Friday, June 11, 2010

Toxins in Building Materials Again...

“WARNING: This area contains chemicals known to the State of California to cause cancer and birth defects or other reproductive harm.”
A familiar sight to Californians, these are the words that appear on signs in countless buildings complying with Proposition 65, requiring posting warnings of exposures to harmful chemicals listed in a state-run database. Architect Tyler Krehlik with Anshen+Allen Architects, was struck by the irony of green buildings still having to post this sign because of unknown effects of possible chemicals in building materials. So Anshen+Allen teamed up with McDonough Braungart Design Chemistry (MBDC) to try and determine how they could factor human health into material selection criteria. Read the article here.

Monday, June 7, 2010

Are Green Buildings Healthy Buildings?

As sociologists interested in the ways green communities and green buildings benefit health, we tend to focus on the benefits most obvious to us as sociologists: Things like access to green space and nature, sharing resources, community-mindedness and localism. We've been less focused on the nuts and bolts of the buildings themselves, their materials and inner-workings. To be honest, we've probably been overly naive in our assumptions that green buildings themselves must be good for health: if they're good for the health of the environment, they must be good for human health, right?

Well, maybe not.

A new report from Environment and Human Health, Inc. criticizes LEED and other green building certification programs for failing to include health as an important part of what it means to be green. Thousands of different chemicals, many of them known to be hazards to human health, become components of building materials and LEED does little to ensure that they are kept out. What's worse, by virtue of their energy efficiency, LEED-certified buildings that include dangerous chemicals in their building materials may actually increase our exposure to toxins. One of the factors that makes green buildings green is the fact that they have tighter envelopes compared to other buildings and this may create intensified exposures to toxins if they are present in building materials. The report also criticizes LEED for failing to include strong assurances of safe, quality drinking water and for not restricting the use of pesticides in landscaping or ensuring that they don't seep into groundwater.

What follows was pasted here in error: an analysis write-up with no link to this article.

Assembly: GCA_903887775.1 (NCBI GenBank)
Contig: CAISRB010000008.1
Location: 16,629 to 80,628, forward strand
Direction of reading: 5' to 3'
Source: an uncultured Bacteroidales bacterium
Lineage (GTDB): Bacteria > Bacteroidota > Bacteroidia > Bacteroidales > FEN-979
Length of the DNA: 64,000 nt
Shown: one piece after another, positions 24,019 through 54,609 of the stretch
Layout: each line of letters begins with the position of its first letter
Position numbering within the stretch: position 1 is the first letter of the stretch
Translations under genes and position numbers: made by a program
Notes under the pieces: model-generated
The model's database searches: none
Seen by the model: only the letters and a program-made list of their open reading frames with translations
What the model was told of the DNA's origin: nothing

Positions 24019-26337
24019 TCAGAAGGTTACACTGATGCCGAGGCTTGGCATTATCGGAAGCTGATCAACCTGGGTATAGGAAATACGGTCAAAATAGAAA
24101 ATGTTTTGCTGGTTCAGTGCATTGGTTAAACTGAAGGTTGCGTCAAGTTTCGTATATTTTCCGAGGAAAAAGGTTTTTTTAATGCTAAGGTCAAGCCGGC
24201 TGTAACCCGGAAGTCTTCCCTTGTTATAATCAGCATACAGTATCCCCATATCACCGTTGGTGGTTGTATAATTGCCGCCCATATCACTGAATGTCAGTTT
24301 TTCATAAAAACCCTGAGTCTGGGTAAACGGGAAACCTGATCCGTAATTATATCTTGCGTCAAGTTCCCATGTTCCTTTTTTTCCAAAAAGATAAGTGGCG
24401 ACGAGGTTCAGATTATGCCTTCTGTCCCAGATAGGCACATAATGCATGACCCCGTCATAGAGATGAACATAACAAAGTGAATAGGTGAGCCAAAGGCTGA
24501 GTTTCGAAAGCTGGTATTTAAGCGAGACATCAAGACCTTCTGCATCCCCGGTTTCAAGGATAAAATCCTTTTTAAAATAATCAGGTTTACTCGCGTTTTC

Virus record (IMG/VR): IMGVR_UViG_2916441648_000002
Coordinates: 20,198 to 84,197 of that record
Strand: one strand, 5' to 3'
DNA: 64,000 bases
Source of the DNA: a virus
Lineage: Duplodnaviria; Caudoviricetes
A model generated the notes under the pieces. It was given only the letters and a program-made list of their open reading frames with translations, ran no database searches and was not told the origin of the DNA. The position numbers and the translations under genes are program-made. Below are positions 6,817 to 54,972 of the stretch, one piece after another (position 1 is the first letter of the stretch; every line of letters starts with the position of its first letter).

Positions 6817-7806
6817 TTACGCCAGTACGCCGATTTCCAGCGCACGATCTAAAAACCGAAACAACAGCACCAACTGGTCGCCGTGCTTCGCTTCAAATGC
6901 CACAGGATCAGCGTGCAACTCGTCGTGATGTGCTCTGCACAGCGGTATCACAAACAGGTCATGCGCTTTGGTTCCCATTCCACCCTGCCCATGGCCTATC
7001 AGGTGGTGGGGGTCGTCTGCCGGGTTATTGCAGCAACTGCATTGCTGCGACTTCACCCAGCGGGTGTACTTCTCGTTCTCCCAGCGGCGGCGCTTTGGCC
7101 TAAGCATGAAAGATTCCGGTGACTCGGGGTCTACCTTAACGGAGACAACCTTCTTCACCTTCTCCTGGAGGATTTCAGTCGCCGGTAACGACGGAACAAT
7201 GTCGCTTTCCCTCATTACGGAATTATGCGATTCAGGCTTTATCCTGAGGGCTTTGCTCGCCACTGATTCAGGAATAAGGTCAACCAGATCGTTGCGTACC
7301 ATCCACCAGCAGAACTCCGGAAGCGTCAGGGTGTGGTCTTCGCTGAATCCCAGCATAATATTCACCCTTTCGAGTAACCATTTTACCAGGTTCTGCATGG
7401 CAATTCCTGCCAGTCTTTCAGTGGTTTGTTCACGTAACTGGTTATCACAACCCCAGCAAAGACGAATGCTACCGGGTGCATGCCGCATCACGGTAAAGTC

The reports strongest critique, however, is reserved for the US federal government which has failed to protect public health through strong testing and regulation of chemicals used in everyday life.
Hazardous chemicals have become components of LEED-certified indoor environments primarily due to the failures of the Toxic Substances Control Act (TSCA) and EPA’s neglect of the problem. Congress has provided EPA with limited authority to require testing of likely hazardous chemicals in building products. Thus new products may incorporate tens of thousands of untested chemicals with no government oversight.

The report ends with recommendations for improving LEED by giving more weight to those aspects of buildings that effect health.